I just realised that I haven't written a new post in 10 days. 10 whole days! When I started writing Butterfly Free in February, I was so energised, so full of ideas... pre-planning topics to write about weeks in advance... But in recent days that motivation suddenly trailed off.
I recognised this feeling. It had happened to me before, in the aftermath of my thyroid surgery. All my excitement and brainstorming and effort I would routinely throw into my work projects suddenly evaporated overnight. I became disillusioned, dejected, and utterly demotivated, and I had no idea why. I couldn't focus. If I had an idea or thought, it would quickly disappear, or my enthusiasm for it would wane in mere moments, or I just wouldn't have the energy to follow it up. My work duties began to feel like chores for the first time. My creativity was gone.
It was not until the discovery and treatment of my severe Vitamin D and Ferritin deficiencies that I started to get my sparkle back, and then I realised that my apathy towards my work had come as a direct result of those deficiencies and a debilitated thyroid function.
This time round, I have been able to identify that apathetic symptom far quicker. At my most recent checkup with the OB-GYN last week, I insisted that she run some more thyroid blood tests despite it being outside the scope of health insurance coverage. I knew something was out of balance; I knew there must be a physiological reason for my sudden lack of lustre. Sure enough, the hospital called the next day with my results - my TSH has jumped from 2.4 to 3.9 in one month. I immediately doubled my dosage of Euthyrox to try and quickly get it back down below the recommended range of 3 during the second and third trimesters of pregnancy.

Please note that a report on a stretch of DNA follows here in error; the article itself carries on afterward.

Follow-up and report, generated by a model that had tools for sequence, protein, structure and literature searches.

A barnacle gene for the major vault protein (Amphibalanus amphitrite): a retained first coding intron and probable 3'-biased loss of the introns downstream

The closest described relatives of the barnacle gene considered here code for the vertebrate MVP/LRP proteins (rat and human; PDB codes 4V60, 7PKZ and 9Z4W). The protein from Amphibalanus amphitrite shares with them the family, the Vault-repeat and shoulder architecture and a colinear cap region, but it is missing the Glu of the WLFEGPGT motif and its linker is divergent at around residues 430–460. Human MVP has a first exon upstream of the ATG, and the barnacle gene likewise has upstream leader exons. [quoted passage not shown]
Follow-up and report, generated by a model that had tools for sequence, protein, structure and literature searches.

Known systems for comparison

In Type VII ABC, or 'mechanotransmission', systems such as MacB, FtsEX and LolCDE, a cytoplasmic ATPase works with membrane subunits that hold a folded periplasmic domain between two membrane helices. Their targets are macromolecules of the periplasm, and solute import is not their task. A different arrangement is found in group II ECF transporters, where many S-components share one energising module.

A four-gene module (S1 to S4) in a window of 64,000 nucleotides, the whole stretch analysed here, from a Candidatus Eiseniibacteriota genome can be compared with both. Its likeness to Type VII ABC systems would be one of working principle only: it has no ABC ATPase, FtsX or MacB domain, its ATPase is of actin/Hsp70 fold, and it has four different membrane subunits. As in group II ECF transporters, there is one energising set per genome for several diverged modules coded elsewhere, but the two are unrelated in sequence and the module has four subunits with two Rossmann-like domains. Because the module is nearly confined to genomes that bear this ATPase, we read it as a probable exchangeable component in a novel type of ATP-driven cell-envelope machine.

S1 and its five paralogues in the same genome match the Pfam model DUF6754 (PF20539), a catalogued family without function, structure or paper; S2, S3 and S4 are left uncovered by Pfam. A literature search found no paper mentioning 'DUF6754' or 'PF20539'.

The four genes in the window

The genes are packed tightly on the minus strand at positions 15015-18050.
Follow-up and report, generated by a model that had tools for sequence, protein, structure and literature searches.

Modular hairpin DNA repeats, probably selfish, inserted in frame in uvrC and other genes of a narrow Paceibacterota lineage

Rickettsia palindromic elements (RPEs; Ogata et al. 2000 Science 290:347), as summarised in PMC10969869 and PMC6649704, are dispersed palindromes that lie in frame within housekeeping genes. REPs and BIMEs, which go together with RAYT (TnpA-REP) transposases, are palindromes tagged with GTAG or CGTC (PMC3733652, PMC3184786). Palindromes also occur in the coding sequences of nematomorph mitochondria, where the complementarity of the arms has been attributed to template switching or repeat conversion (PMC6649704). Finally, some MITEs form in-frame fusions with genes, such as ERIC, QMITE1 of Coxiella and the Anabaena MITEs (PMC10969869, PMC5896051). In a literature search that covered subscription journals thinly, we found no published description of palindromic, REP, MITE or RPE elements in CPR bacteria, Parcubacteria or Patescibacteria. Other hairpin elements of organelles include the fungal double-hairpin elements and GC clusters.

Some days I haven't wanted to leave home at all. Other days, a simple trip to the supermarket has been a struggle. A dinner out at a lovely restaurant with my husband left me feeling utterly drained. I kept pushing myself to attend my prenatal Pilates classes, but I didn't feel enthusiastic in the slightest at the idea of doing something physically taxing.
My emotions have been all over the place, too. I know pregnancy hormones wreak havoc with a woman's emotional state, but I'm someone who has always been quite reserved with her emotions. I never suffered from PMS or any other sort of hormonal oversensitivity, but recently I've been out of control (by my standards). I've gone from someone who cried maybe once or twice a year maximum - my husband had only previously seen me shed a few happy tears when he asked me to marry him - to someone who starts welling up at the slightest little thing on a daily basis. I got tearful during the opening sequence of the new 'Boss Baby' movie at the cinema the other day, for goodness sake!
Some days I barely recognise myself for how outwardly sensitive and emotional I've become. My insecurities, worries and fears have all been royally shining through, too. I don't know how my poor husband has been able to handle his previously placid wife turn into a drama queen, but I'm grateful that he has been very understanding and reassuring throughout.
As my newly-upped dosage of synthetic thyroid hormone starts to take effect, I am feeling the grey cloud lift from over my head. My motivation is coming back, my focus is clearer, and I have more energy to go out, to work out, and to simply get out of bed before the afternoon. I can't promise that the tears will dry up anytime soon though - that seems to be a direct knock-on effect of pregnancy!
So, I have written this post because I finally felt enough drive to actually open my laptop and start tapping away at the keyboard again, and because I wanted to be honest with you. On social media we tend to see the highlights of people's lives; they only want to share the shiny, glossy side, which is understandable, but also leads us to set unrealistic expectations for ourselves. Sometimes it's ok not to be ok. It's normal to go through a down or demotivated spell. What's important is to seek the right help to pull yourself out of it. The struggle is real, but the struggle doesn't have to last forever.